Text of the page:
4th May 2026

A typical weekday work-ish day; out from the house across the back yard to the office – I know I said I’d cut back when I got older and greyer but there’s so much happening it seems a missed opportunity to step back. Sort out all the online work information exchange, and then sling the tablet in a rucksack and head for the tram stop. It’s early, and there’s a deer peering out above the crops in the fields. I never thought I’d move out of the town centre but when the chance came up to build on a custom build plot out at Whinthorpe, among like-minded oddballs – well, we signed up. Caroline’s packed up the shop, so sorting this place out is a good long-term project. There’s always someone I know at the tram stop – a chance to chat, gossip. The tram cruises up, we board and head into town – they feel so much more solid and permanent than a bus, I love ‘em. Most of the morning’s in meetings at the York Central design office – whoever finally came up with the idea of establishing a local collective to carry the detail design forward over the lengthy development process was a genius – there’s a real atmosphere of wanting to get it right. A long way off finished of course – another ten years? Maybe, but at least there’s A Plan. Lunch is a short walk into town – every year the weather’s weirder so short walks are good – but today it stays fine and shuffling meetings to tables outside cafes works well – WiFi everywhere so work happens everywhere. At the end of the afternoon it’s still sunny and calm and I regret taking the tram, so take a bike from the hire rank in Parliament Street and after a quick wander round the newly-pedestrian-priority Bishy Road head down the riverside, over the Millennium bridge and out of town along the cycle path. Lots of others out too – cars are so expensive to use that it only takes a whisper of sun for them to get forgotten. Food, and online to catch up with my daughter in London – thanks to technology I get to talk more – phoning was always just that bit too much effort, or maybe now she’s in her thirties she’s just got more time for the elderly!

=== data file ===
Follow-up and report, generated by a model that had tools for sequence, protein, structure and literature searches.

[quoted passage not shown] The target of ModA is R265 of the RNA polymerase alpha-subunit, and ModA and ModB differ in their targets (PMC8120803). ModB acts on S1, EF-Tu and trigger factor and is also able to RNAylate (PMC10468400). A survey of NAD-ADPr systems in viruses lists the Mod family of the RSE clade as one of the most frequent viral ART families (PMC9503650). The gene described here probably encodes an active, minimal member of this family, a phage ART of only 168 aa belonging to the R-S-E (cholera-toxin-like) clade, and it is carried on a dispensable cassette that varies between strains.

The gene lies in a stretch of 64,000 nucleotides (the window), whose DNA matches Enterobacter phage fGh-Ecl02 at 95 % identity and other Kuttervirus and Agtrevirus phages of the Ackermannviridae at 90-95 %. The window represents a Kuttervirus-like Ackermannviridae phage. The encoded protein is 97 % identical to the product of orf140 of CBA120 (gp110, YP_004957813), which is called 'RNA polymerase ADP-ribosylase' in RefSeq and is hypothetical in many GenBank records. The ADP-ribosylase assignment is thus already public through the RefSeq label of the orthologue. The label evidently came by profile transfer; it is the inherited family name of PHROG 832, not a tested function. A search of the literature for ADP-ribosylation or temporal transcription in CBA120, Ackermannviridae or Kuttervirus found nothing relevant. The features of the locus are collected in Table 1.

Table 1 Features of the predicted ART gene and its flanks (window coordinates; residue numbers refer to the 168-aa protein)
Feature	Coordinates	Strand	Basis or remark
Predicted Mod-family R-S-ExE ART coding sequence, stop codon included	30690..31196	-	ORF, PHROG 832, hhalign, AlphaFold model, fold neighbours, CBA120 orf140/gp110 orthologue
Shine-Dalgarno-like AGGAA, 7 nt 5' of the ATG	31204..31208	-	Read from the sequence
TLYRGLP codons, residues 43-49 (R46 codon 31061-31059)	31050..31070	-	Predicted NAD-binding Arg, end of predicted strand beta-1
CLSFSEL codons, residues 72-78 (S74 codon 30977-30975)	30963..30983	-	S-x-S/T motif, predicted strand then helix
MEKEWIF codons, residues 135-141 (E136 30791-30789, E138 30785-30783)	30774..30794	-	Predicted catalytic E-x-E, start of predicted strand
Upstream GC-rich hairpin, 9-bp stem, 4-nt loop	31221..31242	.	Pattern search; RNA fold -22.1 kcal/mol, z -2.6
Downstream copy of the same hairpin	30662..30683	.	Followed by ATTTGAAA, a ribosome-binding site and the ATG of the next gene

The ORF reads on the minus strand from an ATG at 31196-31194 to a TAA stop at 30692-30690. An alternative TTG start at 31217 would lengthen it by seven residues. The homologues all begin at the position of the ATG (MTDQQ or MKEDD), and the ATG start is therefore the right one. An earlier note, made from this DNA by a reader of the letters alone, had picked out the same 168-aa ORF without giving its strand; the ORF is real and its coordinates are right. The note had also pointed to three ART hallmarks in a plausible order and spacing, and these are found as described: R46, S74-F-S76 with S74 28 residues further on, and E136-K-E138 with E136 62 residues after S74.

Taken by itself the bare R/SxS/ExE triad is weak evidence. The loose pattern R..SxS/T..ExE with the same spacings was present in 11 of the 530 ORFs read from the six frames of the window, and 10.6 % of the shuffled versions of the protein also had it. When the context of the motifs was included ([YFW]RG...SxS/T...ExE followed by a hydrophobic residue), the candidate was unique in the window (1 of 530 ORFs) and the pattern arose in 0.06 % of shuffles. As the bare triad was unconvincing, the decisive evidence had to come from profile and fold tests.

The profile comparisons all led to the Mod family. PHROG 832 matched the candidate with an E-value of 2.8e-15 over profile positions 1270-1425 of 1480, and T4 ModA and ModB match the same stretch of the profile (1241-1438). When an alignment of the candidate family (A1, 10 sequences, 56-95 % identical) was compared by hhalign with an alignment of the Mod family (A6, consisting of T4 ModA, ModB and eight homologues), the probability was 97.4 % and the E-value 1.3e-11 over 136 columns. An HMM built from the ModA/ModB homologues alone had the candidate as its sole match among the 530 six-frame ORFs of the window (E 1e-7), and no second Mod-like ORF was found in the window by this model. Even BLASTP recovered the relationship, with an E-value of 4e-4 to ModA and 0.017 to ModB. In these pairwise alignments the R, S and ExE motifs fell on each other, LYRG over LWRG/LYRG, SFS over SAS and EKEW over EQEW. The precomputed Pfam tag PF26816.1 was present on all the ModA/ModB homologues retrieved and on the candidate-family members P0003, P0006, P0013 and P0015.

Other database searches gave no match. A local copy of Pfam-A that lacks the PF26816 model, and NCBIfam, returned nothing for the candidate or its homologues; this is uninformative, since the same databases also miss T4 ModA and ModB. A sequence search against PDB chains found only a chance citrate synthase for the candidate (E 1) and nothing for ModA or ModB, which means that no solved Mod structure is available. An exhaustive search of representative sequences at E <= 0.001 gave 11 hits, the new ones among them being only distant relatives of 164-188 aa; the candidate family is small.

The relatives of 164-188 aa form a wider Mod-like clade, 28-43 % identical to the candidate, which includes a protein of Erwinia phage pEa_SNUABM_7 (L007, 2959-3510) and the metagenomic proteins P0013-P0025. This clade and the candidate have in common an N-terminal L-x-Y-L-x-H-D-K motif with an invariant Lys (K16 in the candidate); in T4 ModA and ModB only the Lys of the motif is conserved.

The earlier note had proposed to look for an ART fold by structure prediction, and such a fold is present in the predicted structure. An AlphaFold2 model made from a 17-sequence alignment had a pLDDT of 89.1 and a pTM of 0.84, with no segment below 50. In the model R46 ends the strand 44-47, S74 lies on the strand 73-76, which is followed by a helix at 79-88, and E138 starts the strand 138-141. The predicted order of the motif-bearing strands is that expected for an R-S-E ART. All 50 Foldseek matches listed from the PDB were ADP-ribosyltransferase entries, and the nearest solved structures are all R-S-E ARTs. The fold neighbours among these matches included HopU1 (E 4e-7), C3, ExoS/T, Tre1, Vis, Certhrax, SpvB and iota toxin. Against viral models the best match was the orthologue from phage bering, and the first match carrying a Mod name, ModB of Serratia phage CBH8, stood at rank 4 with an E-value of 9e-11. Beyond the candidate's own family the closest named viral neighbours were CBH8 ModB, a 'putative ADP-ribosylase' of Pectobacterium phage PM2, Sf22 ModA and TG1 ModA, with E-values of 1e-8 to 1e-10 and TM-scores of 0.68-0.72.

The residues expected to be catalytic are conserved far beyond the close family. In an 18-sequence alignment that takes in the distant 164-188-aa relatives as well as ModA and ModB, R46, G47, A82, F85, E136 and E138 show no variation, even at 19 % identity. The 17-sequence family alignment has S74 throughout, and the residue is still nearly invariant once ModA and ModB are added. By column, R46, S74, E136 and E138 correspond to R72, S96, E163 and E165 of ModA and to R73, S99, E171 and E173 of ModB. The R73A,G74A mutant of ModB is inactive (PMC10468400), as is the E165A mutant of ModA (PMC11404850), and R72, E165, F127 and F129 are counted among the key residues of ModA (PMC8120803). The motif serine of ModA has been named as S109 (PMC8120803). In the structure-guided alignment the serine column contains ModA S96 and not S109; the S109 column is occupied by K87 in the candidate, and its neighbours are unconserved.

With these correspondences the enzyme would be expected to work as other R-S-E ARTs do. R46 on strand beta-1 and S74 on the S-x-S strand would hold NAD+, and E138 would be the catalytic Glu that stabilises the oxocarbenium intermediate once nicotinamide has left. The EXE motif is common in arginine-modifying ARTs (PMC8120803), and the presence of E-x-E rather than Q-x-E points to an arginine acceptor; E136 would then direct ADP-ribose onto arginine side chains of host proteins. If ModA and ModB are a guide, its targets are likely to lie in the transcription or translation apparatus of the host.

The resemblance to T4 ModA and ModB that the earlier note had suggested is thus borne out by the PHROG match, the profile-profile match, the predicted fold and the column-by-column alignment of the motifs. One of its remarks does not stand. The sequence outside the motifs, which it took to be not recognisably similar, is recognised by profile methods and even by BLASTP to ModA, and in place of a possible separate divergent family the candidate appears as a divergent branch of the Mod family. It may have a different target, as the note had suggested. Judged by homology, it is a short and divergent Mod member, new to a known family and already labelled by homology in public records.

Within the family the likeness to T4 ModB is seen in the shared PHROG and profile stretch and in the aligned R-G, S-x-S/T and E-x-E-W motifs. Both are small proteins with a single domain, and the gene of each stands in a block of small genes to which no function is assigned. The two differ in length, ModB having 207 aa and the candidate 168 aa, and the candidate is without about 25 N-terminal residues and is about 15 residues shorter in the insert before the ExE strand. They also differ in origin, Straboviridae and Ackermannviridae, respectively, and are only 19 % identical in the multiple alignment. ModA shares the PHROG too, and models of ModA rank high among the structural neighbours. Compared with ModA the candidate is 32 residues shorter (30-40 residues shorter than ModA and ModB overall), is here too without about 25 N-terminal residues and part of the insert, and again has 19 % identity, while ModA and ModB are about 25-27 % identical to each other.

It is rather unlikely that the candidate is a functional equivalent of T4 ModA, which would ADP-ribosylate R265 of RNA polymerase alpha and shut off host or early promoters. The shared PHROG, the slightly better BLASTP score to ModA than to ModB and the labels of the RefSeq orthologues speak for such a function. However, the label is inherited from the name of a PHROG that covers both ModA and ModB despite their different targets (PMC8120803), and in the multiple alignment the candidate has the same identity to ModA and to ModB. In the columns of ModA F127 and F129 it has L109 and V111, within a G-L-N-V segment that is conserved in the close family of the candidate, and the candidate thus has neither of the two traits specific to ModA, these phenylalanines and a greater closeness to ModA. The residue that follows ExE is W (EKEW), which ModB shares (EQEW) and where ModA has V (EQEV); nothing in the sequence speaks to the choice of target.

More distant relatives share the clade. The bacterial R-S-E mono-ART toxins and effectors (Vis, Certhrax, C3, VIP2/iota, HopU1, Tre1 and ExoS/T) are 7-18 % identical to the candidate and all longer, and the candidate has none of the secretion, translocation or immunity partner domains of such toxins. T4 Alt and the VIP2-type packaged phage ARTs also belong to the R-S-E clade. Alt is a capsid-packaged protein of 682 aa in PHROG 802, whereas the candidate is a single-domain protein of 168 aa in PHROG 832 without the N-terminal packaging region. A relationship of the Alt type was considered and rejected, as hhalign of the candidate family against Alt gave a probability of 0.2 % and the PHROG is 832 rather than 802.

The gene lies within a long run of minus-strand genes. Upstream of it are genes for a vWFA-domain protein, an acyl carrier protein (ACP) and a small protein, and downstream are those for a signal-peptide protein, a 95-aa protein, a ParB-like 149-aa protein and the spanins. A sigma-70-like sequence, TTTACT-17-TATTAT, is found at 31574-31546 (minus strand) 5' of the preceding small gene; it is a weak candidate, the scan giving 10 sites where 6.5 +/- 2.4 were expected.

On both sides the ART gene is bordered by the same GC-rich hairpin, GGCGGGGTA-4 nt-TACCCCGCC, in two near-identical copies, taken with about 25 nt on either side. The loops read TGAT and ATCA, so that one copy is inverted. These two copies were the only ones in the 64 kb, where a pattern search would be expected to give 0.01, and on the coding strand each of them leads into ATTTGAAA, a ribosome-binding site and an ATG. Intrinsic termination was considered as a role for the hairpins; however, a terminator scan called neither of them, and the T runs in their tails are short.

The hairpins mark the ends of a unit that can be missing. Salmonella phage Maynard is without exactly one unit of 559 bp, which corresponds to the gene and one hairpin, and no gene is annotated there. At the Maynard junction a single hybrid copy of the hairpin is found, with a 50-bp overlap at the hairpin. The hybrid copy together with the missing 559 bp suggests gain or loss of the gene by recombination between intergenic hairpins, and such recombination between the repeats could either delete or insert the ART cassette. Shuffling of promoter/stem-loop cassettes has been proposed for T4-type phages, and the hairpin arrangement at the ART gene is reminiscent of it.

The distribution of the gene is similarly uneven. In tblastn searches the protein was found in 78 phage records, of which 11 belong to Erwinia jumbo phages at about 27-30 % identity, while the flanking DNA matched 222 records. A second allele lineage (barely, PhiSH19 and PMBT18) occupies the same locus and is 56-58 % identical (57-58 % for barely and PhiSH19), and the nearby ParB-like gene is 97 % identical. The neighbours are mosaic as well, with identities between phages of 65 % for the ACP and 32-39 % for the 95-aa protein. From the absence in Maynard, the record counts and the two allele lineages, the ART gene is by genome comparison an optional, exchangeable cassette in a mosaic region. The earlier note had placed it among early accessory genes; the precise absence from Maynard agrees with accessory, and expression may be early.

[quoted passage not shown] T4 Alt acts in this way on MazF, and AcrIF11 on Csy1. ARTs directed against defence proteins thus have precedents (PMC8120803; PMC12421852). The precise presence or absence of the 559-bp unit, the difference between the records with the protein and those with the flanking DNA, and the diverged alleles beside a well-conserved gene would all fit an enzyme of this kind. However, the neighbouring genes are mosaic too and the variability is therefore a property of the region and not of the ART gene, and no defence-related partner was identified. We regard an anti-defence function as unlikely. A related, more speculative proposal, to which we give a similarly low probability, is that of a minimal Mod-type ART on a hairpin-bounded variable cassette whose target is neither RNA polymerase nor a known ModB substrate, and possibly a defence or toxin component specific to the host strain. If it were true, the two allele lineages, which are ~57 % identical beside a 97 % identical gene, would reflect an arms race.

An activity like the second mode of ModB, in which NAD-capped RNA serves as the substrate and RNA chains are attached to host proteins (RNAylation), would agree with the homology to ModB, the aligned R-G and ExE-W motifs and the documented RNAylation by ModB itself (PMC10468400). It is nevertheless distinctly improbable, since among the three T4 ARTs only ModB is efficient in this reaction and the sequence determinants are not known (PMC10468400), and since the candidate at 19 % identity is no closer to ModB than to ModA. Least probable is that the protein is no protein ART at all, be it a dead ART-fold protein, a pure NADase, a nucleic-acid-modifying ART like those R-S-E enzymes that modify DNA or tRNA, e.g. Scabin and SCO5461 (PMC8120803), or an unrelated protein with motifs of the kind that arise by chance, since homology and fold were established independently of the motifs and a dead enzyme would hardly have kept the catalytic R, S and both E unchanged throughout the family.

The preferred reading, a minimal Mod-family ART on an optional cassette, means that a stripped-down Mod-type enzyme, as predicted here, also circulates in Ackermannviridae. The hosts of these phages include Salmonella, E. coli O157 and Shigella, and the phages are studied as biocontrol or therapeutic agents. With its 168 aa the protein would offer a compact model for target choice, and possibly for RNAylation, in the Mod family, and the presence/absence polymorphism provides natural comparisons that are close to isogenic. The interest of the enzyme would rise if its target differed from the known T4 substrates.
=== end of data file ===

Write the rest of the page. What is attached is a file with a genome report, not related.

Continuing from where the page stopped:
My present, and My Future York. What’s yours?

Phil Bixby